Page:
More On Green E-learning


Antoine Dubeauclard’s article in our fall, 2008 issue noted that “going green” starts at the uppermost levels of corporate philosophy and management. It goes beyond e-learning strategies and tactics to other means by which you can present a “green face” to the general public and conserve our rich natural environment at the same time.

Certainly, the building you choose to house your employees is of utmost importance. A facility, perhaps, that uses compact fluorescent lighting and advanced wall insulation to save energy. A facility, perhaps, that is LEED certified or has earned the Energy Star label. (LEED is short for “Leadership in Energy and Environmental Design,” and certifications are given on the silver, gold and platinum levels. Energy Star is a joint program of the U.S. EPA and the Department of Energy. See the Website

Your building’s enviro-friendliness certainly depends to a large degree on whether you purchased the building (you establish your own green policies) or rent (you are at the mercy of the landlord).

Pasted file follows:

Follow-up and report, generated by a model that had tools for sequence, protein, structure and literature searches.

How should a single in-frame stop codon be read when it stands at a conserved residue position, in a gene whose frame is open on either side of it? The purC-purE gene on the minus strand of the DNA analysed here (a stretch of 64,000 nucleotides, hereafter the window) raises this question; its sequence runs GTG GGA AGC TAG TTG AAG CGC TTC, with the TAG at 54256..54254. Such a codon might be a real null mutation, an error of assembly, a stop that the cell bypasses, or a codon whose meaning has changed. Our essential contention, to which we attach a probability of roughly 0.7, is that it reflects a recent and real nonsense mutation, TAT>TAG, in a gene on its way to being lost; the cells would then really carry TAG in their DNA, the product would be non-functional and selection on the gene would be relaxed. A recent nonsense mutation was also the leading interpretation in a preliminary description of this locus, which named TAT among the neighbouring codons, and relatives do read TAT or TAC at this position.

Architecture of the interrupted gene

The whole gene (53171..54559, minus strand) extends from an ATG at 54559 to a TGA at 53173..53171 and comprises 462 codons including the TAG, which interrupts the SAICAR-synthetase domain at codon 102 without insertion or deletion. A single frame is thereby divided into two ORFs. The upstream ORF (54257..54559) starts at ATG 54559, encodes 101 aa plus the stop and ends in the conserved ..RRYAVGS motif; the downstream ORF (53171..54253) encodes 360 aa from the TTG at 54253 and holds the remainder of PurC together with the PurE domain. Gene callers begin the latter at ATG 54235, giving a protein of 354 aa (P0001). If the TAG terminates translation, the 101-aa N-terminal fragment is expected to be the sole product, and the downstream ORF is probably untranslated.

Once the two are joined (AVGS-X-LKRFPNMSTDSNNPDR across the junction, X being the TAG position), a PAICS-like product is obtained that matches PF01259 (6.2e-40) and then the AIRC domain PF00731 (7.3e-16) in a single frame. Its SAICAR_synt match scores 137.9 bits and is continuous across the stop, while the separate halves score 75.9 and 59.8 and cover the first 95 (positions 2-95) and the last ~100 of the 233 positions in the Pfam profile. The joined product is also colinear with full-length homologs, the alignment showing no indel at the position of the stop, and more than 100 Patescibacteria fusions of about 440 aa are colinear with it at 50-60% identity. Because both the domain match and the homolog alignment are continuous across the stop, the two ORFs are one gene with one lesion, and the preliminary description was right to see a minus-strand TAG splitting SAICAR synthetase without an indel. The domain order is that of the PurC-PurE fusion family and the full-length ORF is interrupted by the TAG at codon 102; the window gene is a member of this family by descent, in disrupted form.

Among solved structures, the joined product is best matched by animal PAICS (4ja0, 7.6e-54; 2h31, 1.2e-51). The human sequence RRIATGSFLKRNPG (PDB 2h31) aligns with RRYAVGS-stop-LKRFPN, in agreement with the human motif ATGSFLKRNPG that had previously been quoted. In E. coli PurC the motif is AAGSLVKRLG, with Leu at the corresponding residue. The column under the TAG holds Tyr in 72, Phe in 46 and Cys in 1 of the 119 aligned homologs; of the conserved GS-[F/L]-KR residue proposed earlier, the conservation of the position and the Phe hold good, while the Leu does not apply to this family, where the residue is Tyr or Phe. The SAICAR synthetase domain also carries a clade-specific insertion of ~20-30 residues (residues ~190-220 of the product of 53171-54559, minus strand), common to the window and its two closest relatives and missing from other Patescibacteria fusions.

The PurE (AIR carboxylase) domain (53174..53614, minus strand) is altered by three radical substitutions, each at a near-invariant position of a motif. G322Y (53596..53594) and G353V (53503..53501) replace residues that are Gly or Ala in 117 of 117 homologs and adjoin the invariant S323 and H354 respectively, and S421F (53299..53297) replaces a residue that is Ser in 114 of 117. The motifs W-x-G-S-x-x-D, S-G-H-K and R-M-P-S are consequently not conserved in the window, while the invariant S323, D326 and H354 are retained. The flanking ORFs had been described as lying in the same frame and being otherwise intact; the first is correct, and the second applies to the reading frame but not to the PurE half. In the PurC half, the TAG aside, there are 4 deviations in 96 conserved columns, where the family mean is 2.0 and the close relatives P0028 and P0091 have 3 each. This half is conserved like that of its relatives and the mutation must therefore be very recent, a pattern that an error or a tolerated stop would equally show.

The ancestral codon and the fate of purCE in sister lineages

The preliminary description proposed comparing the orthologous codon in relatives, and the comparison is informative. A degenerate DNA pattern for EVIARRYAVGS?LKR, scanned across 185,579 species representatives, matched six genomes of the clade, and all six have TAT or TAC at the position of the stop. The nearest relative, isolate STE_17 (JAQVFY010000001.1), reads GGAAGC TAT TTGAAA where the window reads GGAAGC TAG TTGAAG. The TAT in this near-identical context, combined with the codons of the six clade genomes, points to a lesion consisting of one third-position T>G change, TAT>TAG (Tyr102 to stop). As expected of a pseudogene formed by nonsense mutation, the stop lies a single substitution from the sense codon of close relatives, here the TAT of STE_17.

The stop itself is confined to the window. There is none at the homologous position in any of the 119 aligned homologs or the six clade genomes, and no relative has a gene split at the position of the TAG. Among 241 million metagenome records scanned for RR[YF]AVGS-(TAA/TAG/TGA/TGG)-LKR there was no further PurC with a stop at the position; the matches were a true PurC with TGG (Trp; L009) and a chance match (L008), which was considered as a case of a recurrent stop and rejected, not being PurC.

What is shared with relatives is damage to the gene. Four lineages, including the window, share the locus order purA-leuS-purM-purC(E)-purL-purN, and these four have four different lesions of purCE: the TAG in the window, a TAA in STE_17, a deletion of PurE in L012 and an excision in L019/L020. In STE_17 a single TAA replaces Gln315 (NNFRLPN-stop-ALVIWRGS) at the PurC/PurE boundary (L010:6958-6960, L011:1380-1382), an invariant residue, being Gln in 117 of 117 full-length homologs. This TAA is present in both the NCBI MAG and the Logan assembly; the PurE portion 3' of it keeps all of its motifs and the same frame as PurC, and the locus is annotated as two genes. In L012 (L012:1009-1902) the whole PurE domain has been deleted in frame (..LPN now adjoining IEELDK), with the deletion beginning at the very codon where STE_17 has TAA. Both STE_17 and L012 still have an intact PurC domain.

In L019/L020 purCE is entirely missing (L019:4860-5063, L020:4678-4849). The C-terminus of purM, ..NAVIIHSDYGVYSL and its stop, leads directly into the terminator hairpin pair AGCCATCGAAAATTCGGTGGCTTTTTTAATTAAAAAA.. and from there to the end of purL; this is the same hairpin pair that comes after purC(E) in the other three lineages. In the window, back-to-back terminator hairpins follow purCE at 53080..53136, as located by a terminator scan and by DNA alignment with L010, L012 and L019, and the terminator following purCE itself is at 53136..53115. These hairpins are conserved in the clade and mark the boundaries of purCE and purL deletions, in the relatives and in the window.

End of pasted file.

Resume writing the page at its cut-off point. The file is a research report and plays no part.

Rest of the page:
If you are considering the purchase of your own headquarters building, real estate experts tell me that LEED certification and an Energy Star rating initially will cost more than a building not so designated. But those same experts add that you can save more than the initial premium with lower energy bills and maintenance costs.

If you’re a tenant, look for clauses in your lease that indicate your landlord’s receptiveness to environmentally friendly strategies. You might ask if recycled carpet and paint containing lower VOCs (volatile organic compounds) have been used in its construction. Of course, in a multi-tenant building, the landlord has a difficult job, because each tenant has a different concept of “green.” For instance, it does no good to separate recyclable paper waste and aluminum cans if your building’s waste hauler (contracted by the landlord) dumps it all in the same bin.

Your “green face,” then, depends not only what you’re doing to conserve natural resources in your specific e-learning tactics, but also what you’re doing in your overall corporate strategy.

Jerry Roche

Editorial director

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